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Brakes & Gears Etc

SRAM XX1 | FIRST RIDE

This one goes all the way up to eleven. It’s one louder. Nigel Tufnel would have been chuffed with the SRAM XX1; it’s got that little push over the cliff when you need it.

DIRT ISSUE 128 – OCTOBER 2012

Words by Billy Trailmix. Photos by Adrian Marcoux and Victor Lucas

Plotted on a graph my history with gears looks sinusoidal, a couple of tits or a rollercoaster. I started years ago with just one, then tripled to three with the Sturmey Archer blue, yellow, red with a splash of silver, then shifted up to my zenith with about twenty one for a time before descending slowly back down the block to the trough of single numbers. We’re on the ascendancy again with a leap to the Spinal Tap (the Tufnel reference) number 11.

ROCK ‘N’ ROLL CREATION

The thing is though; the XX1 isn’t just about 11 cogs. It’s a holistic approach to a single ring drivetrain system and by that I don’t mean incense sticks and whale music. I mean it’s designed as a whole; new chainring, new chain, new rear mech and of course the huge 10–42 cassette, which when new does smell as nice as a joss stick. We’re big fans of the single ring set up for trail/enduro riding, yes you may need to be a bit fitter but it’s just less faff, a less cluttered cockpit, quieter and altogether simpler.

Why 11 then? Well SRAM could have made a nine or ten speed block with this wide range but the shifting increments would have been noticeably larger and not conducive to smooth riding whether climbing or putting the power down. The only big step above 20% (the increase in size from one cog to the next) is at either end of the block.

Visually the first thing you notice about the XX1 is the sheer size of that 42 tooth cog on the cassette, it does look huge, and also the fact that the bike appears to be missing a chaindevice up front. Kind of naked.

So, starting with the beefed up front ring, which will be available in 28, 30, 32, 34, and 36 sizes, the teeth have an alternating pattern of ‘thick and thin’ which synchronise with the ‘wide to narrow’ profile of the chain. This results in a more secure chain/chainring engagement to the extent that you can get away without running a chainguide in certain circumstances. It’s bloody grabby I can tell you that much. The chainrings also have a unique bolthole configuration, which only fit the XX1 spider. You can change rings without removing the crank arm though if you wished to alter your gearing. And I did hear that the front ring is compatible with a ten–speed system too.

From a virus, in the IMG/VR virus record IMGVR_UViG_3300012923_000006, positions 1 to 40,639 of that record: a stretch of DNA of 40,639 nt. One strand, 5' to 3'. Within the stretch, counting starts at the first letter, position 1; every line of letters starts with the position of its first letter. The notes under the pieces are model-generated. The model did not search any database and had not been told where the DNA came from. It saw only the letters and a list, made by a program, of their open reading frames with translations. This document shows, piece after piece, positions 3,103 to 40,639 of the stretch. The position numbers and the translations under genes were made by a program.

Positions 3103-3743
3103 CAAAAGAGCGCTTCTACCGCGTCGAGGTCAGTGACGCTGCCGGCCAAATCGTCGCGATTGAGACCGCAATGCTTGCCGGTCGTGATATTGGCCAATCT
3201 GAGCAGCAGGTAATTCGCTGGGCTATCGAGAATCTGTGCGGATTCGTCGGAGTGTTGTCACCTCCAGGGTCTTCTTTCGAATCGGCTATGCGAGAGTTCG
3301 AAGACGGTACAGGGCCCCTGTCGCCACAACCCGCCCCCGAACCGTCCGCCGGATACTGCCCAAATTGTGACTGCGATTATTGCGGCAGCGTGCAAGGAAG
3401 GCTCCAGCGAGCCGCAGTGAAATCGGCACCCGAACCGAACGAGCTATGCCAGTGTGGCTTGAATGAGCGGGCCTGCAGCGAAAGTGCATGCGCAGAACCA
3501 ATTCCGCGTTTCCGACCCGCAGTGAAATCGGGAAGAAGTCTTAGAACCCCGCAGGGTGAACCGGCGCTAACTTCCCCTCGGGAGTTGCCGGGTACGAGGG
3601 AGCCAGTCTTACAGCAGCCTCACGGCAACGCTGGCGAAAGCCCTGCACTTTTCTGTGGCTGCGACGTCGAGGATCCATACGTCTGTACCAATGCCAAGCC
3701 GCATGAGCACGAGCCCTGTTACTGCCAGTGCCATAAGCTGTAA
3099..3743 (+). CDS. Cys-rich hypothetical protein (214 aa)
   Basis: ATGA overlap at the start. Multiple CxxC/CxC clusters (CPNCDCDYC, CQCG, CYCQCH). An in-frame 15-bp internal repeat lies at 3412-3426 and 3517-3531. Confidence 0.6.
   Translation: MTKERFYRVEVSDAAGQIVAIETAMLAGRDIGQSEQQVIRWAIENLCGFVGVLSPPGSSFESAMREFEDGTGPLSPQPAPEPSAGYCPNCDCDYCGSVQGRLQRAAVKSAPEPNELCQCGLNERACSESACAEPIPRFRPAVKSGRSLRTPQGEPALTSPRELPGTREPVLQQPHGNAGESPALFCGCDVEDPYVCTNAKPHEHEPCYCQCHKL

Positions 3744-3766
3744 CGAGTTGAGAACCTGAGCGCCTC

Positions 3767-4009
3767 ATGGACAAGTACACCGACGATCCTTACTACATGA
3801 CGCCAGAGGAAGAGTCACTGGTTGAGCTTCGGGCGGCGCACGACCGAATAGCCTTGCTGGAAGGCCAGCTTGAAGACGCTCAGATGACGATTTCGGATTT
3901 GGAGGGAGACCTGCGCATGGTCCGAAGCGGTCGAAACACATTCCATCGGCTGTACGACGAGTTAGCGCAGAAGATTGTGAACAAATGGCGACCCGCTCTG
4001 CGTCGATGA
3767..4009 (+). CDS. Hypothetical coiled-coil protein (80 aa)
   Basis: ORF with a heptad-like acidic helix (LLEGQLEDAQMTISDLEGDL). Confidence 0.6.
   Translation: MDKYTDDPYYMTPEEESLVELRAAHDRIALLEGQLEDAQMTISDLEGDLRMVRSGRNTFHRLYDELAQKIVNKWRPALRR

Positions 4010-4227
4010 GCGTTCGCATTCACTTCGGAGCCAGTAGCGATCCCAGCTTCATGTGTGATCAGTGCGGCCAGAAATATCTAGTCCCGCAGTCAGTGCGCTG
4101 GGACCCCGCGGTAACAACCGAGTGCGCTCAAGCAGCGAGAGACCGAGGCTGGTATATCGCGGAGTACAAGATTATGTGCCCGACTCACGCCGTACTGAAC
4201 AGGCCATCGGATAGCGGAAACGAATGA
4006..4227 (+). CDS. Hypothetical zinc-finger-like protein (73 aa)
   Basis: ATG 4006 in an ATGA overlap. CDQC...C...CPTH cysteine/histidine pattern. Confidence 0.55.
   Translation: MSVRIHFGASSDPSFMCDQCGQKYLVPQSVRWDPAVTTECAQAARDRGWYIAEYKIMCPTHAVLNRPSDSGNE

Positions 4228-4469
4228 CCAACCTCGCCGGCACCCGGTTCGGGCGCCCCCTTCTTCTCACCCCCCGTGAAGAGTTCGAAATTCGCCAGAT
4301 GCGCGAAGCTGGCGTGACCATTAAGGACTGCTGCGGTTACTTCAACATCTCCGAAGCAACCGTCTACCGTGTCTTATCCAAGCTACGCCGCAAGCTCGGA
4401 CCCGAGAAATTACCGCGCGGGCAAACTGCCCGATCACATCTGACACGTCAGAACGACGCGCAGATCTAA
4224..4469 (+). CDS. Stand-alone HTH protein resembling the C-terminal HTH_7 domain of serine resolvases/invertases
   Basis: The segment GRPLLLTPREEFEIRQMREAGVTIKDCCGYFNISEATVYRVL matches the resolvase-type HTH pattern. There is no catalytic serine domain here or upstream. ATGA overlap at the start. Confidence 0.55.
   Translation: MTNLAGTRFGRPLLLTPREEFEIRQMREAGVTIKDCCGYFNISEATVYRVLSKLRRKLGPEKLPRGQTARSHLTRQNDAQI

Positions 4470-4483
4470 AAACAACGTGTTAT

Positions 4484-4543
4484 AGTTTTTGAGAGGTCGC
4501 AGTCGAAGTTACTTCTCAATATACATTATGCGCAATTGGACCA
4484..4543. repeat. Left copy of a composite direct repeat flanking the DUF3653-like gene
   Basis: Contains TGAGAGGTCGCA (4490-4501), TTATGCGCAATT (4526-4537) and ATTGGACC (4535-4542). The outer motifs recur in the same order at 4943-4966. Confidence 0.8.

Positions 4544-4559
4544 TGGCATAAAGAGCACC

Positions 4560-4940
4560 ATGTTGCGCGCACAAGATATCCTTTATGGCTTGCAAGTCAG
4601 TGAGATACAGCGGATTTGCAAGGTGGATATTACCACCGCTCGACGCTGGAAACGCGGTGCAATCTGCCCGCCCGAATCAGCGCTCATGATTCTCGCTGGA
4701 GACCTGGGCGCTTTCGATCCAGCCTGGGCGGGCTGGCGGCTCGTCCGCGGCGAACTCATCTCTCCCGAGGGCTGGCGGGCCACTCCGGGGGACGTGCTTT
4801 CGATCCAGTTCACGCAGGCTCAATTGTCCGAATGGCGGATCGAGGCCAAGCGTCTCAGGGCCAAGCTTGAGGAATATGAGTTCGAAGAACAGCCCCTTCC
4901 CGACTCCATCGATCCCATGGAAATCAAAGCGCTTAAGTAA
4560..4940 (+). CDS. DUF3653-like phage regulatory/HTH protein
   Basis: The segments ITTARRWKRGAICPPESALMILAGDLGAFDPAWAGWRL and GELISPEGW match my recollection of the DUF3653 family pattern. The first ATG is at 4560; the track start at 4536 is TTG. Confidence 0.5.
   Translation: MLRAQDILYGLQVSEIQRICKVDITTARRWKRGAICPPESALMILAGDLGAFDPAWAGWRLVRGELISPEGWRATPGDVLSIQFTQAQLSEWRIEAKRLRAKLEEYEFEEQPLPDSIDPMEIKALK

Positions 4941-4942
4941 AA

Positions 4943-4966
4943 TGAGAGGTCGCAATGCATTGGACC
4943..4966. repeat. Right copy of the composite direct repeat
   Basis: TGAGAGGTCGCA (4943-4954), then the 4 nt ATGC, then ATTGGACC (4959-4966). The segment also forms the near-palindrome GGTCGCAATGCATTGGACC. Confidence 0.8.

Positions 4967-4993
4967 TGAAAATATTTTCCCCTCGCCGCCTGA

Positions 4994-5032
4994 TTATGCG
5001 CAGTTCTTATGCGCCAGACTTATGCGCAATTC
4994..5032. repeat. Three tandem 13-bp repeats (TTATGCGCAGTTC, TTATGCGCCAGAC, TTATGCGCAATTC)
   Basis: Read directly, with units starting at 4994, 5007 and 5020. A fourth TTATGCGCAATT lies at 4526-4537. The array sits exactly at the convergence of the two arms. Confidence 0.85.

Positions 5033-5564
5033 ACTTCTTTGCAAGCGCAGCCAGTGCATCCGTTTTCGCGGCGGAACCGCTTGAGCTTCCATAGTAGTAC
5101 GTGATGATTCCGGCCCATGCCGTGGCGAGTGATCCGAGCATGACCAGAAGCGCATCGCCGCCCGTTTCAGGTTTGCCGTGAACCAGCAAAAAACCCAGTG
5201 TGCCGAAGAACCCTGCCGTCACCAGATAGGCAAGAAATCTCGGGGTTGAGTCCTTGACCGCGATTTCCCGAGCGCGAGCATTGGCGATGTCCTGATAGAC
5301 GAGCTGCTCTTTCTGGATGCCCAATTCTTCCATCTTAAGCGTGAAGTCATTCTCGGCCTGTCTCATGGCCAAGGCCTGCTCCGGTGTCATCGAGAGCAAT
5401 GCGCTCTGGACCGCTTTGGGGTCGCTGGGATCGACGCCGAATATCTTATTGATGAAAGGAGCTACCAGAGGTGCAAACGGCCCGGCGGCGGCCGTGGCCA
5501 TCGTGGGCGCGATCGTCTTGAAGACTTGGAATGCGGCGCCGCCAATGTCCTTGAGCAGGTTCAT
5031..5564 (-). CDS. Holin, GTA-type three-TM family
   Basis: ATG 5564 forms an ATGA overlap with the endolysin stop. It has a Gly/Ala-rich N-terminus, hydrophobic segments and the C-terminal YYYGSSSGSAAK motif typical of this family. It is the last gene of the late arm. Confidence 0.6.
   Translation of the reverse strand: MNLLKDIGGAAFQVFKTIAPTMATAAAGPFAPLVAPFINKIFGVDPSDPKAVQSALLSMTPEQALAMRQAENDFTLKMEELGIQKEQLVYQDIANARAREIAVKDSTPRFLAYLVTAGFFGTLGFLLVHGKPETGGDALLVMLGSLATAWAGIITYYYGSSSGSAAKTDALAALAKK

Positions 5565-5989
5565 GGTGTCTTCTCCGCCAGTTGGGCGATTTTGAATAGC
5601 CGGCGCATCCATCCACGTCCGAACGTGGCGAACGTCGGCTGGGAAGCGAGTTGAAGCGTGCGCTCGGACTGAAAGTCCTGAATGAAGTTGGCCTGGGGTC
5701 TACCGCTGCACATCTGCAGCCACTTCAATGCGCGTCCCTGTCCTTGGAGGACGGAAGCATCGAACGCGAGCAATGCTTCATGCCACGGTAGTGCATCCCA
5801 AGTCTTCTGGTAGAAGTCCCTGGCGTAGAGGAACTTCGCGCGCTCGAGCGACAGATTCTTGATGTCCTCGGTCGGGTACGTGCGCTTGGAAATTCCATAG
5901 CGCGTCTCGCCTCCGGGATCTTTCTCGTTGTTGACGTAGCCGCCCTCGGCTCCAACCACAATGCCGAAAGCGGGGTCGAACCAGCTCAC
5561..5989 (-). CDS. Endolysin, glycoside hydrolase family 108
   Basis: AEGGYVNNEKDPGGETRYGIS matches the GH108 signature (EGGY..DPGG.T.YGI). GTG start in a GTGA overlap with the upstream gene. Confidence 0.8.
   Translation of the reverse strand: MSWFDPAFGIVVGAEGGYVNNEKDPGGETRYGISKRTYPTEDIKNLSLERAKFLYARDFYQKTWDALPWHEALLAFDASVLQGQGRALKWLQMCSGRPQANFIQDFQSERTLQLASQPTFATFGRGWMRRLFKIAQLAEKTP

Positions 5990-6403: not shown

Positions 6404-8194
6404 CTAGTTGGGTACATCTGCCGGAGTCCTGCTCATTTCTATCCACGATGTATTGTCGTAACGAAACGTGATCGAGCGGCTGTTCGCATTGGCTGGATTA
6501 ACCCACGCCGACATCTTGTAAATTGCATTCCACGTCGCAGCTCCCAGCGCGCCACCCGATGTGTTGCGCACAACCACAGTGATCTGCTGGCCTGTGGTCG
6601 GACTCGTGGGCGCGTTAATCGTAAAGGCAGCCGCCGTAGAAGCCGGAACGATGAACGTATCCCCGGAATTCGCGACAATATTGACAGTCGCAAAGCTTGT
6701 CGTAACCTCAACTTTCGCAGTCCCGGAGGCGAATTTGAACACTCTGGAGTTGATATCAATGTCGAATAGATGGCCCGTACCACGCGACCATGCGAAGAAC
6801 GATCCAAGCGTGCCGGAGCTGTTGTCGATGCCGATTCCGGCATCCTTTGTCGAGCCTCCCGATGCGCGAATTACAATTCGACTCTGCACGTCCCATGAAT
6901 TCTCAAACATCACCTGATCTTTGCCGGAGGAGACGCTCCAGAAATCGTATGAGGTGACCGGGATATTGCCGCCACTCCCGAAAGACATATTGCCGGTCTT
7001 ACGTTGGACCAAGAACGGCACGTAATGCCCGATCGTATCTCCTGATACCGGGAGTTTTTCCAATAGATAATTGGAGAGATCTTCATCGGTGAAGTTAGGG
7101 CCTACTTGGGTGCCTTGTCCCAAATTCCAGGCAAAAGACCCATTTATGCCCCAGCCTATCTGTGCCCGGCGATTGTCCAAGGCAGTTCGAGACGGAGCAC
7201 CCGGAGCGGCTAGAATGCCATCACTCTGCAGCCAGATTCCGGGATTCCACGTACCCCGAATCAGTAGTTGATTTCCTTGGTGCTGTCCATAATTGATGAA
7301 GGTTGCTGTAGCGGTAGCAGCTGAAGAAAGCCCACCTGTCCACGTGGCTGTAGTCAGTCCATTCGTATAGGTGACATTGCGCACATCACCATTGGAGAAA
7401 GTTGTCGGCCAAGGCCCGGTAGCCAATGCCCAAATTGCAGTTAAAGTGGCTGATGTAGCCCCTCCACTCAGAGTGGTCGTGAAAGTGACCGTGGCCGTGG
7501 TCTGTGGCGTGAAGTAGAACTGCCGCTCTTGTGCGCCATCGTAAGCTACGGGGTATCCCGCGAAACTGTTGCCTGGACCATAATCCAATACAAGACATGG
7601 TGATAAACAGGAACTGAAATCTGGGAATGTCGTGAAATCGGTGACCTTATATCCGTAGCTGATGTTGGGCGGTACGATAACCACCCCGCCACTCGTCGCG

The rear mech is also redesigned, it still uses the Type 2 clutch mechanism but now utilises a straight parallelogram (Straight P or X–Horizon) rather than traditional slanted and is specifically designed to work with the single chainring set up. It moves straight in and out and clears the cassette by utilising an offset upper jockey wheel. The amount of free chain when shifting automatically positions the jockey wheel close to the cassette. This results in crisper more precise gear changes and eliminates ghost shifting while pedalling over rough terrain.

That 10–42 rear cassette is also a bit special. The machined one piece unit with the 42er pinned to the back of it requires a different driver body due to the constraints of fitting 11 gears into the same width freehub. Currently only DT Swiss, Mavic and Sram make them, but expect other wheel companies to start manufacturing the XX1 driver body, which will fit onto almost any hub.

The XX1 chain is full of new technology too. Although thinner than a ten–speed it’s not necessarily weaker. Chains don’t break from the power of your thighs; it’s usually bad shifts from front mechs that do the initial damage which then break later. Narrower pins on the chain should mean less leverage on the outer plates, which is usually the point of failure. Of course it could get twatted by a massive rock, which is one reason why you might want to run a taco type bashguard. But don’t think that this chain is weaker because it’s thinner at all.>>

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